We all like economic growth, ceteris paribus. It means more for everyone. In chapter 1 of the book The Economics of Macroissues, they discuss how economies with common law systems have grown faster than those with civil law systems. Common law systems do a better job of enforcing property rights and usually grow faster. The difference does not have to be much. In the macro textbook by Krugman and Wells that I use for my video course, they report that Japan has grown at a rate of 1.7% while Mexico has had a rate of 1.1% (those numbers are approximations-I left that book at the office). That does not seem like a big difference. But in the long run, it adds up. If you grow 1.1% per year, after 150 years your income is is about 5.16 times what it started at (so, for example, you go from $1,000 to $5,160). The formula for this is 1.011 raised to the 150th power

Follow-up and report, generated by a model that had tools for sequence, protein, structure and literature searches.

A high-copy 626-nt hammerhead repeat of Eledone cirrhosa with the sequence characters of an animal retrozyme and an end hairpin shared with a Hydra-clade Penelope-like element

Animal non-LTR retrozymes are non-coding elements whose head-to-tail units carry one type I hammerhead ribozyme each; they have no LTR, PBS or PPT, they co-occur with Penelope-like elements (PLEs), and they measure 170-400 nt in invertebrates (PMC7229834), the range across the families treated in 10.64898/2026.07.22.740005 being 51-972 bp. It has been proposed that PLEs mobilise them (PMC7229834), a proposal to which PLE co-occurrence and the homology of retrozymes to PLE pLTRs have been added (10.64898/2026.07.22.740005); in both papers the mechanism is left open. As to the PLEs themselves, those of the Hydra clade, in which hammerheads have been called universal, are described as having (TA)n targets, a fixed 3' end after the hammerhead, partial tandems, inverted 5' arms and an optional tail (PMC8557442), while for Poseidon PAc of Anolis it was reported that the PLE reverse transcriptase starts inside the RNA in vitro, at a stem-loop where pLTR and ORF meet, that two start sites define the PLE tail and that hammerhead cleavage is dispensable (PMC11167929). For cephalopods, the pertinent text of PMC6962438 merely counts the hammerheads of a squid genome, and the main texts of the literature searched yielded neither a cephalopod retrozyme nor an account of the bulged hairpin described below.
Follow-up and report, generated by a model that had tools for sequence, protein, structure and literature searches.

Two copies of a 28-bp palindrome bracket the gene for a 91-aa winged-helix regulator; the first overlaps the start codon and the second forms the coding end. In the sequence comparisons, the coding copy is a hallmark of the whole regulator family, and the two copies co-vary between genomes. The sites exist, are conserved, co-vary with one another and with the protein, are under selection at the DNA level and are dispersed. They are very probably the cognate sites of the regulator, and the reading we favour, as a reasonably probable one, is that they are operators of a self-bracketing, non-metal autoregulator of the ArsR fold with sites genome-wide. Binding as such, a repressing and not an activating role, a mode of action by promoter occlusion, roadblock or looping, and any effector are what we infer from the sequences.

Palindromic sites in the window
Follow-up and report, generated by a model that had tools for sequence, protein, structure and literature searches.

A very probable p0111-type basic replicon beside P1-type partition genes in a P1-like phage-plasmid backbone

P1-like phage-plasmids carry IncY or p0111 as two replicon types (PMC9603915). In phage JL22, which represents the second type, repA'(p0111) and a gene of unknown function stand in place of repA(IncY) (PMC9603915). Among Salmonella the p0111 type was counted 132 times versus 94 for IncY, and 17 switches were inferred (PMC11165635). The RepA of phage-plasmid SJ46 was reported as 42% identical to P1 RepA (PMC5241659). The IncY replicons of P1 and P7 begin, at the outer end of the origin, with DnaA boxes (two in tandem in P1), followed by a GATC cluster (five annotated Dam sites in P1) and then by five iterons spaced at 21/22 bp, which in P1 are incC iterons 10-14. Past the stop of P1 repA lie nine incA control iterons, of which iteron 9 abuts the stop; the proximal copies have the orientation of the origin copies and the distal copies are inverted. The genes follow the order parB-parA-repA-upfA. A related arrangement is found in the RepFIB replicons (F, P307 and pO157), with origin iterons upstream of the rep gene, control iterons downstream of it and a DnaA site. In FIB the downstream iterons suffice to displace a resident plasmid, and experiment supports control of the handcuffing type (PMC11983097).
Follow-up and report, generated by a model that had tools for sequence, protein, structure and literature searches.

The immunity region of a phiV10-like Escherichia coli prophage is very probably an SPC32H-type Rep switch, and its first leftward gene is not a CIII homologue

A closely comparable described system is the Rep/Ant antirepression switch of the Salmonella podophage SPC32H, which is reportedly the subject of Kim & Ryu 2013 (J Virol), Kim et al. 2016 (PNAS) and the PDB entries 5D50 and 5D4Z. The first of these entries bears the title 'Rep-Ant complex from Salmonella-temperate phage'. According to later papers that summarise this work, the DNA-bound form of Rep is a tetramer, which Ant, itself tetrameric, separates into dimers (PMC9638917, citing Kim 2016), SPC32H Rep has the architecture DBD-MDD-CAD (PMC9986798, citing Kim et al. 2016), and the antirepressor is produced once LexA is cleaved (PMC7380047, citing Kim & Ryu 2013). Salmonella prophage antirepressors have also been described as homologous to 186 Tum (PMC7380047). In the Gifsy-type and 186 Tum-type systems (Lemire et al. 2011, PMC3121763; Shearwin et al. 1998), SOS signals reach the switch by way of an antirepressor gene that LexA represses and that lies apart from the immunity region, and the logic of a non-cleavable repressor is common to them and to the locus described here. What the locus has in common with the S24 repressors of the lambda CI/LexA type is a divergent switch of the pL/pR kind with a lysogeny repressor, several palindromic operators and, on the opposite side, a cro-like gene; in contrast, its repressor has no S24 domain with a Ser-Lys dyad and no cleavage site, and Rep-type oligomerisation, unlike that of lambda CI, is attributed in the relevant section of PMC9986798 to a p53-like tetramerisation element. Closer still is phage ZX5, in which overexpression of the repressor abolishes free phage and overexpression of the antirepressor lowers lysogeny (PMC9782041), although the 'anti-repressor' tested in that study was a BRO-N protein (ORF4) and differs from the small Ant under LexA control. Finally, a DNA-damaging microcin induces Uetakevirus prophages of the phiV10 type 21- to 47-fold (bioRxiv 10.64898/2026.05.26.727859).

But if you grow 1.7% per year. After 150 years, your income is about 12.54 times what you started at (1.017 raised to the 150th power is 12.54). So your income would go from $1,000 to 12,540. But your income is more than double the other country since 12.54 is more than twice 5.16. So that .6% difference each year matters alot in the long run. It might seem trivial or insignificant, but it adds up.
I like the fact, it is neatly proven
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